Wednesday, July 30, 2008

What Lies Underneath Van Gogh

In case anyone didn't know, my absolute favorite painter is the earless Vincent van Gogh. My girlfriend just got me a mug with one of van Gogh's self-portraits on it, and when you fill it with hot liquid, the ear disappears! It is hilarious! Anyway, whenever I go to the Met, I have to make homage to the Impressionist / Expressionist wing where I can see some of his stuff. So I get excited anytime he's in the news--which is rare. And right now, due to advances in X-Ray technology, he is! I just read the following:

Hidden Van Gogh revealed in color by scientists

Wed Jul 30, 11:33 AM ET

Scientists have made a colored view of an early rejected painting underneath Vincent van Gogh's 'Patch of Grass' painting, using advanced X-ray techniques, a Dutch university said on Wednesday.

The very detailed image shows the face of a woman and may give art historians a better understanding of the way Van Gogh developed as a painter.

"It is estimated that one third of Vincent van Gogh's early paintings have been painted on top of existing ones. Van Gogh literally recycled his own canvasses," scientist Joris Dik of the Delft University of Technology said.

Conventional X-ray techniques give a colorless, partial view of the hidden painting and only show vague contours of a person behind 'Patch of Grass', the university said.

By recycling his work Van Gogh painted many layers over the original painting but the scientists managed to scan all the different elements in those layers of the relevant area with X-ray fluorescence.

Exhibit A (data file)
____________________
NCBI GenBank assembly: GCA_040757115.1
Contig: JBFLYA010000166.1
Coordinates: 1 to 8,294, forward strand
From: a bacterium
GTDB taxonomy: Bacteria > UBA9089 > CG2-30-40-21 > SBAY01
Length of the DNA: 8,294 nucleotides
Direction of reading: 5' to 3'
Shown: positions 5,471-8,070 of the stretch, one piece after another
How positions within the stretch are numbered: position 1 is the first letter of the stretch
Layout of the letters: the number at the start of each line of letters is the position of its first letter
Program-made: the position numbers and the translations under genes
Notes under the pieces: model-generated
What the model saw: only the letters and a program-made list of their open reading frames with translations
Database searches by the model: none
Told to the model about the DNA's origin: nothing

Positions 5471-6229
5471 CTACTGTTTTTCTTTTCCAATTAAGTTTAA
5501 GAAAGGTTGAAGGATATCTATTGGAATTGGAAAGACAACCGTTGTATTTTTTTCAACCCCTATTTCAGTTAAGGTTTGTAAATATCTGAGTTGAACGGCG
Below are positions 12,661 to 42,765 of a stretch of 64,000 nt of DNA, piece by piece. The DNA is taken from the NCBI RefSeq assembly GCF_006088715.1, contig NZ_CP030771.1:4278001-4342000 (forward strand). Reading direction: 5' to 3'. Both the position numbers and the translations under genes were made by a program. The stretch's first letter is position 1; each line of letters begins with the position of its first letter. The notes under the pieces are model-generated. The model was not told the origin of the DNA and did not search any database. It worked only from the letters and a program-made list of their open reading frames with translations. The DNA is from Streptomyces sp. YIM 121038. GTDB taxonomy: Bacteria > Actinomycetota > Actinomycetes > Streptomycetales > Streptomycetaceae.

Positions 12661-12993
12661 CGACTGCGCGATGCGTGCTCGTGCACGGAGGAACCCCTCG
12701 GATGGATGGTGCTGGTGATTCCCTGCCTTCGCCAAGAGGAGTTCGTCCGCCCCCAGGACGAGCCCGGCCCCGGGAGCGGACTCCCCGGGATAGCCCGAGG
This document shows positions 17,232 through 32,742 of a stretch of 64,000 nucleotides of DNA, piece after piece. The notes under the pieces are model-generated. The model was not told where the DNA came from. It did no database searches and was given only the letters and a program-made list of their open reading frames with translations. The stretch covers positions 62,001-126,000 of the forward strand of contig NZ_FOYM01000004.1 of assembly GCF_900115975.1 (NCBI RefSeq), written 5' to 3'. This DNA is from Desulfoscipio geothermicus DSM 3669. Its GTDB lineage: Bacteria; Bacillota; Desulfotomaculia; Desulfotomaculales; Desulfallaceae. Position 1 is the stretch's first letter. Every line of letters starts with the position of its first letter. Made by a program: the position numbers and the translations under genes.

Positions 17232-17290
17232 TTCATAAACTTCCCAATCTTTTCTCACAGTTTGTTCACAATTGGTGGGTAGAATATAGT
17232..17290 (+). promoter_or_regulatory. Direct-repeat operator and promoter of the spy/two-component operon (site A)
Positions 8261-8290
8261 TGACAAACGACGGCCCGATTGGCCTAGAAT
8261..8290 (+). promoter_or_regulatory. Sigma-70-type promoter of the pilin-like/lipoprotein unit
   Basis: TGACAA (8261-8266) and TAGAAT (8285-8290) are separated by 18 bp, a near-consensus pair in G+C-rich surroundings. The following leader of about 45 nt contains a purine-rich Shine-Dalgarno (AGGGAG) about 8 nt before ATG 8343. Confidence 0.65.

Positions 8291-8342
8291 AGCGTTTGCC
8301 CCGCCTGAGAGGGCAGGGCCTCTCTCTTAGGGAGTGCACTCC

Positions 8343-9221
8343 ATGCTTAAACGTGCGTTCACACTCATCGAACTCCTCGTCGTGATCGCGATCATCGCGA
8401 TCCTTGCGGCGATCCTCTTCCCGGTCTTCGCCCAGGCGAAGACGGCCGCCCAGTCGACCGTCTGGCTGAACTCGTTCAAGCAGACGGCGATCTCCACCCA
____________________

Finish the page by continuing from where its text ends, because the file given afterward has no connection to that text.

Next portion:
"We can make a virtual 3-dimensional model of the painting and start to peel off all the layers one by one. Then we get a nice detailed view of the hidden face," Dik said.

Van Gogh painted 'Patch of grass' in 1887 in Paris and it hangs in the Kroller-Muller museum in the Dutch eastern city of Otterlo.

(Reporting by Tineke van der Struik, editing by Paul Casciato)

I've reused a few of my own canvases--oh, by the way, I paint (more for therapeutic purposes than anything--every academic needs a non-academic hobby). The underlying image resembles much of his early work in which he depicts Dutch peasant life with dark colors, before he met the Parisian impressionists (you can see this on the reverse side of his most famous self-portrait (both sides on display at the Met). I'm excited to find out what they'll discover under 1/3 of his paintings!

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